EDP Sciences
Free Access
Issue
A&A
Volume 603, July 2017
Article Number A116
Number of page(s) 9
Section Interstellar and circumstellar matter
DOI https://doi.org/10.1051/0004-6361/201730495
Published online 19 July 2017

© ESO, 2017

1. Introduction

Winds of asymptotic giant branch (AGB) stars are commonly assumed to be driven by radiative acceleration of dust grains. The pulsation of these stars give rise to shock waves, which propagate through the atmosphere and intermittently lift the upper layers to a few stellar radii. As the compressed gas cools down while moving away from the stellar photosphere, dust formation can start. The dust particles experience radiation pressure from stellar photons, thereby accelerating these grains outwards. Momentum from these accelerated grains is transferred to the surrounding gas through collisions, and thus an outflow of gas and dust from the stellar photosphere is triggered.

For AGB stars with a carbon-rich atmospheric chemistry (C/O > 1) there is a broad consensus that the observed outflows are driven by amorphous carbon grains. For M-type AGB stars (C/O < 1), however, the nature of the wind-driving dust species has been a matter of intense debate. Magnesium-iron silicates (olivine- and pyroxene-type materials) seem to be good candidates, considering the prominence of silicate features in mid-IR spectra and the comparatively high abundances of the constituent elements (Si, Mg, Fe, and O). Detailed models, however, show that silicate grains in the close vicinity of an AGB star, in the layers where the wind originates, can only have a very low content of Fe to avoid destruction by radiative heating (Woitke 2006). This leads to low levels of absorption at visual and near-IR wavelengths, corresponding to a radiative pressure that is insufficient to drive an outflow.

Using detailed atmosphere and wind models, Höfner (2008), Bladh et al. (2013, 2015), and Höfner et al. (2016) have therefore investigated an alternative source of radiation pressure, i.e. scattering of stellar photons on Fe-free silicate grains. This wind-driving mechanism requires grain radii of about 0.1–1 micron to make the dust particles efficient at scattering radiation in the near-IR wavelength region where the stellar flux peaks.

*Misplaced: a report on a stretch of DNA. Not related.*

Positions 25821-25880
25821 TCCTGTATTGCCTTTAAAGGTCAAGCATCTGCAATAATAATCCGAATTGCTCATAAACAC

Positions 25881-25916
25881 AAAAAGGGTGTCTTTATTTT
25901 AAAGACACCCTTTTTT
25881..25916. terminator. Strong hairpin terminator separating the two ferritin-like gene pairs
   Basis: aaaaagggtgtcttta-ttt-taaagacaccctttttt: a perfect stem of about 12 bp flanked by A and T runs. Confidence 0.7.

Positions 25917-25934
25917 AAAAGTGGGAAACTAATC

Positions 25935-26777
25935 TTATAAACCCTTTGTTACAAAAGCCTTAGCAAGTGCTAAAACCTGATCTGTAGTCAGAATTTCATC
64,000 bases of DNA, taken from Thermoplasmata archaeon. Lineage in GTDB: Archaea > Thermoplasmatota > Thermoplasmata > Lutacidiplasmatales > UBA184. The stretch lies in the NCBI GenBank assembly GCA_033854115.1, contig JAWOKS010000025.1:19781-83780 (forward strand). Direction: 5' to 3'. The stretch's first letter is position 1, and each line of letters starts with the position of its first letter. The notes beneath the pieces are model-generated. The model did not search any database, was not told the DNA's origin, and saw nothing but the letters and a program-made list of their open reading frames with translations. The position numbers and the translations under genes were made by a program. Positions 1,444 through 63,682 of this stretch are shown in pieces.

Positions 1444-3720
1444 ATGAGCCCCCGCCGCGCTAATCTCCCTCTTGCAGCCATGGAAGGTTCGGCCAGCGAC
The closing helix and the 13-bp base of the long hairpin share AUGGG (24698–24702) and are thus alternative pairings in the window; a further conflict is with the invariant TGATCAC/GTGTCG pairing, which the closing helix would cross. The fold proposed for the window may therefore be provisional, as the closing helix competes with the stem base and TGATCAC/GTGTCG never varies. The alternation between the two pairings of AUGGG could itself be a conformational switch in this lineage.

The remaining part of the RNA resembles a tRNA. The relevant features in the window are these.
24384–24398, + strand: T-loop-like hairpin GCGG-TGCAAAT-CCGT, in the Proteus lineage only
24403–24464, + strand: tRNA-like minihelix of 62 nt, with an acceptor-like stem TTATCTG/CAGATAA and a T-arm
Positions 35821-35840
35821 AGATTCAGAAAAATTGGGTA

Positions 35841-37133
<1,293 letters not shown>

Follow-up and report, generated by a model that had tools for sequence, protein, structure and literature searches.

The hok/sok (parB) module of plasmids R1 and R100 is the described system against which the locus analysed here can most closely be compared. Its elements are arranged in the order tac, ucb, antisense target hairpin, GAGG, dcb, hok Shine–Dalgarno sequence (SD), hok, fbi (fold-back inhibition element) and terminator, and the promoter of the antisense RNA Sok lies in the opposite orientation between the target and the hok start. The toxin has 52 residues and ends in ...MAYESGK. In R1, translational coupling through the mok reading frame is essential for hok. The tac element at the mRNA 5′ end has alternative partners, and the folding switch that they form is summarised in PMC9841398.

Determining dust particle sizes in the atmospheres and wind formation regions of AGB stars is not a straightforward task. At visual and near-IR wavelengths, where there is a diagnostic potential for the expected grain sizes, the central star is significantly brighter than the dust shell, which – in the best-case scenarios – is separated by only a few tens of milliarcseconds from the stellar surface. However, the brightness of dust shells in the visual and near-IR region is dominated by scattered stellar light, which has a high degree of linear polarization. Therefore, by observing in linearly polarized light the photons scattered by the dust shell can be distinguished from the direct stellar radiation.

Observations by Norris et al. (2012a) provided strong indications that dust particles with sizes where photon scattering can drive an outflow actually exist around AGB stars. These observations used aperture masking polarimetric interferometry (Norris et al. 2012b) on three nearby AGB stars (W Hya, R Dor, and R Leo). A linearly polarized signal was detected approximately at a distance of 2 stellar radii from the centre of the star, which was interpreted as a geometrically thin layer of dust particles scattering light towards the observer. Fitting the observed wavelength-dependent fraction of scattered light to the scattering efficiency of dust grains of various sizes gave a best fit for grains with radii around 0.3 μm.